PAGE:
God has done everything necessary to save you, and the one thing you must do to have your sin and its penalty canceled is to put your faith in Him, to trust him with your entire being. You don’t have to agonize over the future of your soul; God declared you “innocent” the moment you accepted Jesus as your Savior. You are justified, pronounced NOT GUILTY, before God. The battle is over, and you are at peace with Him by faith. Your trust in Him brings you into a relationship of grace where you are especially pleasing to God. And, because of faith, you can live in the joyful expectation of your eternal future with Jesus, your Lord. Not Guilty, what an indescribable verdict !! Live in that victory today.

Postscript: Do you occasionally have past sins called to your attention? Are you sometimes reminded of the wicked things you once said or did before you accepted Jesus? Who or what is that? It is the work of the accuser, the devil, attempting to discourage you. The evil one is alive and well and wants to cause you to doubt your salvation and lessen your witness for your living Lord. By faith you have been brought into a place of grace (Romans 5:2). Your standing with God is secure. When the devil visits, remind him that you belong to Jesus and watch him run.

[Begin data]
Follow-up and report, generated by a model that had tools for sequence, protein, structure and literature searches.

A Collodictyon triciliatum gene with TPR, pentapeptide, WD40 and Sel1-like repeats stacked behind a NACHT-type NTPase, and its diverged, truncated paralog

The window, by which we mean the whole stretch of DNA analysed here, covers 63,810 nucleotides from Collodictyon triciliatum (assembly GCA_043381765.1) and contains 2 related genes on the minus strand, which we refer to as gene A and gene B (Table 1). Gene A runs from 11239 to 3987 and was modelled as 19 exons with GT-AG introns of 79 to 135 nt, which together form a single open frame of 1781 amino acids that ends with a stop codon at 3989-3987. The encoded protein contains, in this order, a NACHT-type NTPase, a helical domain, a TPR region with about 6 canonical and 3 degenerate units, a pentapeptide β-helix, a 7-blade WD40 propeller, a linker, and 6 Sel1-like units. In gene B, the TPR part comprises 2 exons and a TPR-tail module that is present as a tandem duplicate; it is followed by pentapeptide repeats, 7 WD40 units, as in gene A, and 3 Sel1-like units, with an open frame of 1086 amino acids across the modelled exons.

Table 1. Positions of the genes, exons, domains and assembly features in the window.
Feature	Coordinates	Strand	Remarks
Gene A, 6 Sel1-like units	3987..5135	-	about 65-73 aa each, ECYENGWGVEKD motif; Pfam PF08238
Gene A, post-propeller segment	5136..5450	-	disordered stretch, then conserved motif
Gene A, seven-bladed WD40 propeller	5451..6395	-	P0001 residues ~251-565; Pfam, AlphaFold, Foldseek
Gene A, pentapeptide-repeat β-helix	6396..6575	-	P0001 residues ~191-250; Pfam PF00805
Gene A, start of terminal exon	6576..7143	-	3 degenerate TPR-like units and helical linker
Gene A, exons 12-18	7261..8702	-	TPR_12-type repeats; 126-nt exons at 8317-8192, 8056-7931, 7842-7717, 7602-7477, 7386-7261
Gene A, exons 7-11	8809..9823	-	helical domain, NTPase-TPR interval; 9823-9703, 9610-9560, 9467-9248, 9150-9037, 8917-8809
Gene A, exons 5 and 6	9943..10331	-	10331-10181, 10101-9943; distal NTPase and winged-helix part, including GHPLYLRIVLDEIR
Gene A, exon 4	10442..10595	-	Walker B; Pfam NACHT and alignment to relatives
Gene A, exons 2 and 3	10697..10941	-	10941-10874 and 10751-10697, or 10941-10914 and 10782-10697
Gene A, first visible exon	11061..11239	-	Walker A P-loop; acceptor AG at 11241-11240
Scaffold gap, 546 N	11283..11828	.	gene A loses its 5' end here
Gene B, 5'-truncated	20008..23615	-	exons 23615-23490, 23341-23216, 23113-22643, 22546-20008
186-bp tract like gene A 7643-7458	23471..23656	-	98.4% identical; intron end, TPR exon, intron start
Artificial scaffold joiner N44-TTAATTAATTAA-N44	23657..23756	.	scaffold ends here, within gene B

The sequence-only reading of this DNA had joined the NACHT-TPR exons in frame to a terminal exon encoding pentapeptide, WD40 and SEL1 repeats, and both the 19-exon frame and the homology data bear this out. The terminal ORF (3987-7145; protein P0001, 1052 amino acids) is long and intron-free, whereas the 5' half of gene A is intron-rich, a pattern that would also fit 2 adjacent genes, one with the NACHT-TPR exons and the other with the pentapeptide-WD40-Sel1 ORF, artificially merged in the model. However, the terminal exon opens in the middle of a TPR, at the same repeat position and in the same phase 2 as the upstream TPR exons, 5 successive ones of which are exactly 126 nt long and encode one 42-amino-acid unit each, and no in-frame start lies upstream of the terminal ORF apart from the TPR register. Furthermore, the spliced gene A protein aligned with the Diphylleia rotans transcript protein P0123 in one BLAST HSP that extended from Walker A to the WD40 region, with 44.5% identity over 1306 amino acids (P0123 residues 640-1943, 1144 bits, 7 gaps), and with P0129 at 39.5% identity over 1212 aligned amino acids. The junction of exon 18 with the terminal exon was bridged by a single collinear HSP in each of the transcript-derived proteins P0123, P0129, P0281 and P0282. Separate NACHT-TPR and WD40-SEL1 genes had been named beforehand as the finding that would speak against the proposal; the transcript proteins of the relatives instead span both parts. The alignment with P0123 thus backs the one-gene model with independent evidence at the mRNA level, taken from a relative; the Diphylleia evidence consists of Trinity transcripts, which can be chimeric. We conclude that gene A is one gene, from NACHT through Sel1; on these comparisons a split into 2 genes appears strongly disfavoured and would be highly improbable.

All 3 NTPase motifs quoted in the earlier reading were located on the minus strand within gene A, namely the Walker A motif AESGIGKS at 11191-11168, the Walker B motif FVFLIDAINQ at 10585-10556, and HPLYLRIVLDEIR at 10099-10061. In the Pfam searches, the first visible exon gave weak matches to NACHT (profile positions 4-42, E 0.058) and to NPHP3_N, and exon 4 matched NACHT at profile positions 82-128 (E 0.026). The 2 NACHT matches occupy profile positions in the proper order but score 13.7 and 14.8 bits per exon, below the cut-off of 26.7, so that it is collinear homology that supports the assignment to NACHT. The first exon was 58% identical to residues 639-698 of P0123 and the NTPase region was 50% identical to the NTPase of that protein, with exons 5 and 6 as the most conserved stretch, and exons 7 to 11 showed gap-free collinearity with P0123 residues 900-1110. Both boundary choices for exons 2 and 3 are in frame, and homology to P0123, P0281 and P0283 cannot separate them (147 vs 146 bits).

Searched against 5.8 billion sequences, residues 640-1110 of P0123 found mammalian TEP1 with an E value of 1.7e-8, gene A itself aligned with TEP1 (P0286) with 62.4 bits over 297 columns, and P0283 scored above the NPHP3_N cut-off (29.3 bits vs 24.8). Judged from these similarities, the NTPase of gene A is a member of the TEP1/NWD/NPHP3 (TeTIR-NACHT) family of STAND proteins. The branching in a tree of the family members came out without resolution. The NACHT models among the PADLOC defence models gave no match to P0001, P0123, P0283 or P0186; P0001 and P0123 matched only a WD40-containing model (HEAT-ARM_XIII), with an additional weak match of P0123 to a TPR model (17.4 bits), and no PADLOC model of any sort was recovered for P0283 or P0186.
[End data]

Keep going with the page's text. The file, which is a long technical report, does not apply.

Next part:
Everyday Faith

 

In last week’s blog “Entering the Faith Adventure,” I emphasized the absolute necessity of biblical faith for a personal relationship with God. Faith connects our spirit to God, who is Spirit. Our saving relationship with God begins and continues in faith until we come into His presence at death.

Do you recall the early days when you first trusted Christ as your Savior? What was it like for you to be “in love with Jesus?” Did you want to please Him? Did you feel so grateful for His forgiveness that you were willing to give your life to Him, to do whatever He asked you to do? How about today, is your greatest desire to please Him?